screenplay by John Lasseter & Philip Loren & Kiel Murray
directed by John Lasseter
by Walter Chaw Soulless and anchorless, Pixar's Cars is the company's first all-around failure. It's got something to do with the lack of a human grounding: the only other time Pixar stumbled was with its similarly bleak A Bug's Life (that picture resorting, like Cars, to racial caricature as its primary tentpole), which is also the only other time the company has neglected to ground its story with homo sapien ballast. It's telling that a company pioneering machine-tooled animation so relies on that hint of humanity for its effectiveness; in its place, Cars resorts to cheap name-games (all the cities are car-parts except, dubiously, Los Angeles) as its primary gag and relies on a string of racing in-jokes (Darrell Cartrip, get it? Yeah, me neither) to lubricate its worn-down gears. It's the product of the "Larry the Cable Guy" school of redneck effacement tacked onto a tired redemption romantic comedy, even more tired fish-out-of-water malarkey, and finally an inexplicable blanket criticism of all things urban. Sub-vaudeville gags with weak payoffs and rudderless execution are the things one would rightly expect from a DreamWorks flick--pity that their strain of high-concept lack of inspiration seems to respect no host.
Horror movies do a lot with city folk getting stranded in the boonies, putting them at the mercy of mutant yokels bitter about their marginalization. Trace it back to Psycho, perhaps, and what happens to a nice momma's boy when the freeway bypasses his mom and pop. Thornier, the idea that a world existing entirely of cars (the cows are tractors) would inspire wonder and empathy in an audience of sentient beings is spectacularly misguided. But the real wonder of the bloated, meandering Cars is that in its tale of a self-obsessed jackass growing a heart way out there in the grassroots (but not without the help of a hot little Porsche, of course, thus fulfilling another DreamWorks/Disney dictum of the pretty mating only with the pretty), there's not one hint of the innovation and intelligence of Pixar's other films.
Lightning McQueen (voiced by Owen Wilson) is a hotshot NASCAR rookie, um, car, who hotdogs his way to a tie in an Aesop moment of hubris, necessitating a showdown with arch-nemesis Chick Hicks (Michael Keaton) and legend The King (Richard Petty). The opening race is beautifully rendered in a way that the processor of XBox 360 would have no trouble replicating, keynoted by a horrific crash made more horrific by the fact that these cars are living creatures. Pixar's corporate merging with Disney makes more sense now, recalling the way that salmon are treated in the Mouse House's otherwise completely-anthropomorphic Brother Bear: moments of callous stupidity, both, that speak to a wilful ignorance of how smart kids are.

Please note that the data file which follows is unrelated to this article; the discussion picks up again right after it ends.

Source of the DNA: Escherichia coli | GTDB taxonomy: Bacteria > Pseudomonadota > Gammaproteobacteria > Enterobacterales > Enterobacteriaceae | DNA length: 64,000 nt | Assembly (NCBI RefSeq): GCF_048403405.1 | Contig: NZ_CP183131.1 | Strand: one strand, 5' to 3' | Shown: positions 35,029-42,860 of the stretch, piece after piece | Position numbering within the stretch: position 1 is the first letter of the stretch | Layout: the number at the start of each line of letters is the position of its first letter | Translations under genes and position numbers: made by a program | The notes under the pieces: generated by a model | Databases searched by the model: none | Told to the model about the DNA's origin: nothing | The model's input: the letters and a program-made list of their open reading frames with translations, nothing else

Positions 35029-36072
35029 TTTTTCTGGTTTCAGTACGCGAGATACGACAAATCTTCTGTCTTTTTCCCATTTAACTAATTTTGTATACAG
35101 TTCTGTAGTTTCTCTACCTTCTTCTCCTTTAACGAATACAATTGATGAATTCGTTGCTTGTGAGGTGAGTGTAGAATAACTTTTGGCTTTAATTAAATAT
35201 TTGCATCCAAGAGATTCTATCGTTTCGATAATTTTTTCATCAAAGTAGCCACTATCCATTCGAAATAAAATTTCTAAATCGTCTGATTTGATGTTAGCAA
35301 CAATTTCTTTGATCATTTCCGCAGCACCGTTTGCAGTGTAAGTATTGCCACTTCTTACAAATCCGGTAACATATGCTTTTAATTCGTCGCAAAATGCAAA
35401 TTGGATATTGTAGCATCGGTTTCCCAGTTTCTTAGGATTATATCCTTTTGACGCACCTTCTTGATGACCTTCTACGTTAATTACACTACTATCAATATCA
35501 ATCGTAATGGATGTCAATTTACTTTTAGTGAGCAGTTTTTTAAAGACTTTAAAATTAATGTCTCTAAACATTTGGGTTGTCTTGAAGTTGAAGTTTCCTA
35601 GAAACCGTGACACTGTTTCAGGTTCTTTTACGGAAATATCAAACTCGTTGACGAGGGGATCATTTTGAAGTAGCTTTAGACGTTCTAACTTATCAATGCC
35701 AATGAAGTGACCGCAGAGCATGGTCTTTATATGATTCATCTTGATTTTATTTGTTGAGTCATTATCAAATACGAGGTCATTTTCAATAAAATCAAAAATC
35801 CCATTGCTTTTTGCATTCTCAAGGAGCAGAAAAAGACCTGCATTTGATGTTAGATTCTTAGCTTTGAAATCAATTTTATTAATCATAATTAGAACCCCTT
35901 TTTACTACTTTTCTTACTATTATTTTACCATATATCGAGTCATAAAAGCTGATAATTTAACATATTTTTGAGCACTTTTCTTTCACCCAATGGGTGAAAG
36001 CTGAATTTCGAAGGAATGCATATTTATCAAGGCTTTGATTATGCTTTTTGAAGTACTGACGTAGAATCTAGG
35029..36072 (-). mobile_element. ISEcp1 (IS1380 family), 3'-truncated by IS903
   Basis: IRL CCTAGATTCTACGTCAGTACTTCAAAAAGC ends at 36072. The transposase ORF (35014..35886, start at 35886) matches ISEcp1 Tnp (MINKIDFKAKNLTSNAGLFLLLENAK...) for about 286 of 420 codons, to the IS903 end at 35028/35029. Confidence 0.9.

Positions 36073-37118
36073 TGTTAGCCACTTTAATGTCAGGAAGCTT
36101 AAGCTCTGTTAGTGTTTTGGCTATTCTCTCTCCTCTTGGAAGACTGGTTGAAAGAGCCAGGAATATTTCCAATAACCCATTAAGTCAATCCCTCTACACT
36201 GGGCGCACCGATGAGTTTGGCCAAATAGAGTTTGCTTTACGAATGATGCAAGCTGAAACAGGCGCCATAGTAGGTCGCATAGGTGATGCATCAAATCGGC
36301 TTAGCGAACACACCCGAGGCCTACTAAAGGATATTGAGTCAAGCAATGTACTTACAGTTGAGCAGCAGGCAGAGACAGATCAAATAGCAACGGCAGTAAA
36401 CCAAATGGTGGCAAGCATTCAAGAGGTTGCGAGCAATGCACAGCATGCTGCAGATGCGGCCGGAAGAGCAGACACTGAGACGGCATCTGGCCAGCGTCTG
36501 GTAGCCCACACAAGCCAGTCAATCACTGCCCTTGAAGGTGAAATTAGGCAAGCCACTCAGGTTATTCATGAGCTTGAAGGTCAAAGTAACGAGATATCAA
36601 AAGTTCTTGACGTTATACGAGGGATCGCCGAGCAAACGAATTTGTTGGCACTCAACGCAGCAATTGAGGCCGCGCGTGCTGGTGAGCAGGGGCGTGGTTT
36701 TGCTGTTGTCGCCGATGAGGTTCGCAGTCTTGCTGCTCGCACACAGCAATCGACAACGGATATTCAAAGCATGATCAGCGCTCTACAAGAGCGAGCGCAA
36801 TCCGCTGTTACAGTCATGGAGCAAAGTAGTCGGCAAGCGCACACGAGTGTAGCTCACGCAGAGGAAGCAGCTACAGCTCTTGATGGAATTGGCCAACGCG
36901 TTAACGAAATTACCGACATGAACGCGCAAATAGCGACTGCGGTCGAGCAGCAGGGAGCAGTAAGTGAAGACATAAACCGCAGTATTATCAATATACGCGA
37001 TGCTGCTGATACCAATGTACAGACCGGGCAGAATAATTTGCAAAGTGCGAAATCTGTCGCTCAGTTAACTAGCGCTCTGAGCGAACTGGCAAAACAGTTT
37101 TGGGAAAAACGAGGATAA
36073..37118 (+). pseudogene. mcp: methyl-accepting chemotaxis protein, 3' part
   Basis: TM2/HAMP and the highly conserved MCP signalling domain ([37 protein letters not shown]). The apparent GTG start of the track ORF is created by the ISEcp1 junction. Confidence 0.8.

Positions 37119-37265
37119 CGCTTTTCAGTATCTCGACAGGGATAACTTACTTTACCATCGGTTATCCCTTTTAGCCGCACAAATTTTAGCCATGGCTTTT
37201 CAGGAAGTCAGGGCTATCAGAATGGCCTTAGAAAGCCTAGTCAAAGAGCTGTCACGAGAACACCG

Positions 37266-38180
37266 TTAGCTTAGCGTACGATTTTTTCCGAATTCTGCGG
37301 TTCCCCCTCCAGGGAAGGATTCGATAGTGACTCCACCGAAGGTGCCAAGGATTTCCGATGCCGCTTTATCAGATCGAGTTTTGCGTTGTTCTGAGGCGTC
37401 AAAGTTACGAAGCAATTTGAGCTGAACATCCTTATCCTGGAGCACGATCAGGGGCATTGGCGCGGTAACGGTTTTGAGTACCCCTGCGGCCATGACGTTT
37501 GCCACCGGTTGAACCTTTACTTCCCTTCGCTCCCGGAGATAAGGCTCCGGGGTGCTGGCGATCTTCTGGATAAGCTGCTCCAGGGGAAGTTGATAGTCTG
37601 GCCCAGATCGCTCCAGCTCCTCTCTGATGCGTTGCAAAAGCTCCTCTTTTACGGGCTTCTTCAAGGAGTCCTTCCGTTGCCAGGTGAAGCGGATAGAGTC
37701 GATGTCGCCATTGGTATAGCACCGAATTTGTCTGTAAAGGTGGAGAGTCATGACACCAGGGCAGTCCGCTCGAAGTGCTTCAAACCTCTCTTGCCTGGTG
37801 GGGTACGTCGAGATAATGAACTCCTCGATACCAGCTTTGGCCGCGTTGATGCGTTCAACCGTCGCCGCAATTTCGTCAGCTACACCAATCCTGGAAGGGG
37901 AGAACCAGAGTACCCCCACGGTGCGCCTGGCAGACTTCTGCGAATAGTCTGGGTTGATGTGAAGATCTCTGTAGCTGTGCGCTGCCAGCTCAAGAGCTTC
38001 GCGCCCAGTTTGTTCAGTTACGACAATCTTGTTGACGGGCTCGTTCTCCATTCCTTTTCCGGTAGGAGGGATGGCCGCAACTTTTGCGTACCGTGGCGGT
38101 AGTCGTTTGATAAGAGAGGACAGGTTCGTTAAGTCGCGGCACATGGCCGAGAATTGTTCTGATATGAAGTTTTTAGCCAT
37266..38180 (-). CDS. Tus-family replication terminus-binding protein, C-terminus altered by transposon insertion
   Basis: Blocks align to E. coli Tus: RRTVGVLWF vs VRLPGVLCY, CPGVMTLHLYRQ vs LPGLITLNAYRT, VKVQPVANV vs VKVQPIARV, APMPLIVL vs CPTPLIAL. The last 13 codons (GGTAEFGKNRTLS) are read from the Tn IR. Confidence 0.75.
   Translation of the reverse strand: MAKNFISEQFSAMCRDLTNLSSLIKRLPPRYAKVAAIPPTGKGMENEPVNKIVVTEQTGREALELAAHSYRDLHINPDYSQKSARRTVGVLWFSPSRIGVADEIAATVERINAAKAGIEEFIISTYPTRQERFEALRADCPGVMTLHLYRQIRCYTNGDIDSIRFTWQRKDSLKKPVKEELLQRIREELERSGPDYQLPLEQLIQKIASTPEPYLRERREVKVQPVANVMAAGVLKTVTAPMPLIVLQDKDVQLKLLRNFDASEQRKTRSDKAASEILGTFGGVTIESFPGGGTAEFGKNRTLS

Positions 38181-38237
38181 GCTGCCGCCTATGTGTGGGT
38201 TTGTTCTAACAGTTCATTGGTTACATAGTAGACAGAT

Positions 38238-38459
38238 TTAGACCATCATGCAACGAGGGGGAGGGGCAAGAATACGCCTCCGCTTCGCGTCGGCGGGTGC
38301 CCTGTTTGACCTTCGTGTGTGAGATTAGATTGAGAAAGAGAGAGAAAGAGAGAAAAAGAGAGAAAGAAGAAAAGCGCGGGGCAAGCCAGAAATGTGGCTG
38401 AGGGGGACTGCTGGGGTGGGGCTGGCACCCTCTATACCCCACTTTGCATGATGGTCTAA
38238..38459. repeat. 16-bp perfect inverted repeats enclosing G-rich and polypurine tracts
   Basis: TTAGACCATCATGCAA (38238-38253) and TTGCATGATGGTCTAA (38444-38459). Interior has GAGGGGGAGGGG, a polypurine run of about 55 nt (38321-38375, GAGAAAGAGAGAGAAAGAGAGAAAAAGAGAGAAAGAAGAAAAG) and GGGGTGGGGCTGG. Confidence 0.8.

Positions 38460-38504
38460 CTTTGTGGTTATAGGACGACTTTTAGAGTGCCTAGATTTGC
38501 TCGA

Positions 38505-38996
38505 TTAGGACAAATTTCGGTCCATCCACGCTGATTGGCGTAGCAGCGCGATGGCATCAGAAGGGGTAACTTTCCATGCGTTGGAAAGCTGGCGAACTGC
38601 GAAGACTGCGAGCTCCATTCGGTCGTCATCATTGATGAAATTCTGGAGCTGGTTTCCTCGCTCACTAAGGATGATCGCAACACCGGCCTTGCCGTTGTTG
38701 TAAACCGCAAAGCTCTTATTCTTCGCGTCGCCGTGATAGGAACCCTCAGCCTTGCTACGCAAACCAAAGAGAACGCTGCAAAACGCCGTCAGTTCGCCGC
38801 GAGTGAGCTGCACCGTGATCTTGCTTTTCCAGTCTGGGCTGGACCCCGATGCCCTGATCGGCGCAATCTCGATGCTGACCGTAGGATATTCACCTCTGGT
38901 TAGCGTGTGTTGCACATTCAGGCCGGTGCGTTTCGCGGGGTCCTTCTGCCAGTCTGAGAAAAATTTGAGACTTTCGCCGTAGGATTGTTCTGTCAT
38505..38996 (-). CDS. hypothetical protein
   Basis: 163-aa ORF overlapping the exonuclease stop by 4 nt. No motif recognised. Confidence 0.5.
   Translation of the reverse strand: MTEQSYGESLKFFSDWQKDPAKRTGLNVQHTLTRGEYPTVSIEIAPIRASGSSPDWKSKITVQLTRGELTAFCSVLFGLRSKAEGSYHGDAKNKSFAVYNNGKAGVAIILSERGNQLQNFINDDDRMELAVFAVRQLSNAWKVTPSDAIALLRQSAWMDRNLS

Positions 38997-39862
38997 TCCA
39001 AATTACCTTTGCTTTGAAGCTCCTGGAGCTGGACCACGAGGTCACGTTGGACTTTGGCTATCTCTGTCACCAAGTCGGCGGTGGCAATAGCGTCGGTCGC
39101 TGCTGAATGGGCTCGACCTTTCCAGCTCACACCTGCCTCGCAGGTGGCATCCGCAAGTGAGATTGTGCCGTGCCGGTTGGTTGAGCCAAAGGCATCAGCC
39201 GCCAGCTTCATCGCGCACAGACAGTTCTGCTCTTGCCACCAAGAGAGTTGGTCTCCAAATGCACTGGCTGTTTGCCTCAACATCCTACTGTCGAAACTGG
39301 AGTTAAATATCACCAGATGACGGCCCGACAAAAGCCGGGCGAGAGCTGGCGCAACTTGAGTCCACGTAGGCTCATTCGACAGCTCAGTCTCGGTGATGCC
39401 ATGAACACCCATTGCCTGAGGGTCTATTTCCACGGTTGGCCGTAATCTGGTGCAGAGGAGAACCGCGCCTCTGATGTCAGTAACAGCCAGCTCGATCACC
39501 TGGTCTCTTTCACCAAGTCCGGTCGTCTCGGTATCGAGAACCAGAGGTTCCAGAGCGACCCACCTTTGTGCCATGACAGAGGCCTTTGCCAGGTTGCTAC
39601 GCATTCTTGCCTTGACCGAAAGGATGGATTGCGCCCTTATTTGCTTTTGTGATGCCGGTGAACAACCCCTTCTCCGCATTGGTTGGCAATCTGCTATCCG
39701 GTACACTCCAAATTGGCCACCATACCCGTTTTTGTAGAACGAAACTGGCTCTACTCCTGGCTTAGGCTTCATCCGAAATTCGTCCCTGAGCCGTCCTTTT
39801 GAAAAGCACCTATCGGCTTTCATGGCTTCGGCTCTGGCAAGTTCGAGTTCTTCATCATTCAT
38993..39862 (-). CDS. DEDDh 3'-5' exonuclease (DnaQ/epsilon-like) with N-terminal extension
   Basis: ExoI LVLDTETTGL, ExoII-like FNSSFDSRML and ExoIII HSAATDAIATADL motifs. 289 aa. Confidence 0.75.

McQueen, a self-obsessed speed-freak asshole a lot like namesake Steve McQueen (thus transforming the showdown with grizzled old Doc Hudson (Paul Newman) into a ghoulish '60s rematch between duelling idols McQueen and Newman), is stranded in a Podunk nowheresville that, we see in flashback, used to be a garish tourist trap before the department of transportation rendered it moot. Inhabited by the bitter (Doc), the winsome (Sally (Bonnie Hunt)), and the inbred (Mater (Larry the Cable Guy)), the town of Radiator Springs is likewise home to Tony Shalhoub, reprising his accent from "Wings" and Big Night as a tire-store owner with a pet thing from The Black Hole (Guido Quaroni) who will have an inevitable date with glory once McQueen fulfills the suffocating strictures of the underdog sports uplift conceit that is Cars' skeletal substructure.
What the film resembles most, in fact, is a fattened-up version of Duel, complete with the same castration themes, urban/rural divide, anthropomorphized vehicles, and dusty races along back roads and dirt tracks--but it lacks those critical elements of real genius in its implementation and real purpose in its form. Cars is an edgeless, pointless love letter to racing freaks and car geeks, the greatest offense of which should be that it's so dumbed-down and wafer-thin that it says a lot about what its creators think of their target audience. Why should the stupidest, most facile, least-risky film Pixar's ever made be the one directed at NASCAR fans and other red-staters? Maybe it's not the olive branch from Tinsel Town we thought it was, after all. Originally published: June 9, 2006.